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Dylan Trigg



I found some great posts on a blog called Side Effects by PhD student Dylan Trigg at the University of Sussex in the UK. I'm not sure exactly how I found my way there from Things (my favorite!), but I did also find among my bookmarks a link for his recent book The Aesthetics of Decay. While his main interests aren't exactly on target with mine (place, architecture, urban decay seem to top his list as opposed to my interests in the body, clothing, and emotion), we do have several areas in common (time, memory, light & shadow).

The quotes I loved are:
If, as architect Sverre Fehn has suggested, the creation of a shadow constitutes the origin of place, then how does this interplay between the place of shadows and the openness of light form a dialectics of memory?

Instead of viewing this relation between shadows and light as a transitional phase, in which shadowed place eventually gives rise to the clarity of light, let us think of the relation as the formation of a dialectic between presence/absence, inside/out, and process/stasis. Here, negativity and positivity appear as shifting perspectives, spatial patterns which reach a limit and then disperse.

If a shadow is also its double, so invoking an inherently temporal dimension, then it deserves to be held apart from the perception of light. We are in the midst of the texture of surface, a texture comprised from the jagged, uneven unfolding of shadows, shades, and modulating terrains.

From this post about shadows. And a few more from the follow-up:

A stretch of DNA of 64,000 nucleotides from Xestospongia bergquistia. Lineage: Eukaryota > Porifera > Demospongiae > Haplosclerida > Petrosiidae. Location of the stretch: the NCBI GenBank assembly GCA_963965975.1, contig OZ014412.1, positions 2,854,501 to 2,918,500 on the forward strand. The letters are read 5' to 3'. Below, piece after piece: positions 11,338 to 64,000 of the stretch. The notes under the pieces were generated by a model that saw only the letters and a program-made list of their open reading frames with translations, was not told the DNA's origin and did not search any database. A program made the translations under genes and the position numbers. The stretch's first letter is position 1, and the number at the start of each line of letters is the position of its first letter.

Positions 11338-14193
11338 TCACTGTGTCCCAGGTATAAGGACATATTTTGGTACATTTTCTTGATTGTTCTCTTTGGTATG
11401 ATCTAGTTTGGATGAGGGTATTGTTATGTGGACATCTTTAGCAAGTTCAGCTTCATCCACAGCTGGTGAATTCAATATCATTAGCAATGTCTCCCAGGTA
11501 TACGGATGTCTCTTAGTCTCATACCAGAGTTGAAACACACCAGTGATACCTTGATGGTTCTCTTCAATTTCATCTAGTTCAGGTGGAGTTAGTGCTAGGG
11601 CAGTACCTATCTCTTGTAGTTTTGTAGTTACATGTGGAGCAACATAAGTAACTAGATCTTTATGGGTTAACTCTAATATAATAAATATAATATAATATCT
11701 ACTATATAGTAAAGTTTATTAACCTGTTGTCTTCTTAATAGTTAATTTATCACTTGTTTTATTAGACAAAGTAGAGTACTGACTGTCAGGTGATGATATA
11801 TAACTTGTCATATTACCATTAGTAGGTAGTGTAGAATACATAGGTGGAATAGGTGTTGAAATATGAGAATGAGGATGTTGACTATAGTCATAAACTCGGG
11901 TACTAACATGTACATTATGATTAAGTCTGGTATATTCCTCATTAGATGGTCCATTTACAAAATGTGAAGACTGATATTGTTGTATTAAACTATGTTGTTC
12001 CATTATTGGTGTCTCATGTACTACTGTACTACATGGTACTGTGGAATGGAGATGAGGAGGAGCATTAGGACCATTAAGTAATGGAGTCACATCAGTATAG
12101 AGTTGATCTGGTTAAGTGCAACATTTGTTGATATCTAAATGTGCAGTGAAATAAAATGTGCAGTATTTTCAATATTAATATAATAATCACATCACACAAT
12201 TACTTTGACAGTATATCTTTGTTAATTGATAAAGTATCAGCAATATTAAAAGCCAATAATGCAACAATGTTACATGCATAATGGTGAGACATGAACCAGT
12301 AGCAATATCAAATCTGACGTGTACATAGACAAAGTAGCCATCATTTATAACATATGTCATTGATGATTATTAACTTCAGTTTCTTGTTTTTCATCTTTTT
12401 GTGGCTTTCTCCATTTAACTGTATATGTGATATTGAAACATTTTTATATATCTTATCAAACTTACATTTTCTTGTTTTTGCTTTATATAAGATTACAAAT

Indeed, such is the centrality of light to the formation of place that Junichiro Tanizaki, author of In Praise of Shadows, is prepared to state that: “In making for ourselves a place to live, we first spread a parasol to throw a shadow on the earth, and in the pale light of the shadow we put together a house” (p. 28). Further still, Tanizaki goes on to describe how Japanese design orients itself around “neutral colors so that the sad, fragile, dying rays can sink into absolute repose” (Ibid., p. 30). The emphasis on the neutrality of space as a platform on which shadows form underscores the dynamic texturing of surfaces, as both morphing and enduring in time.

In all of these quotes Trigg is writing about places, but i think these ideas translate well to my interests in clothing right now. I'm developing some new work based on my Shadow Dress that was exhibited at School last year. It got a great reception and I've recently been thinking I should push my ideas a bit farther.

Trigg also writes a wonderful bit about how modern lighting (he posts a picture of a bland office) virtually eliminates shadows and the implicatioins this has on our experiences in that type of environment. That one goes on a bit so I won't quote it here, some of the posts are quite long and difficult to process. I feel like I've been missing relevent academic reading lately. I'm rather interdisciplinary, or maybe there's just not enough critical new writing about wearing clothes. Either way, I'm really enjoying Mr. Trigg.

A few more links about Dylan Trigg:
Interview about his book, The Aesthetics of Decay
Review of the above book
Article about place & Startbucks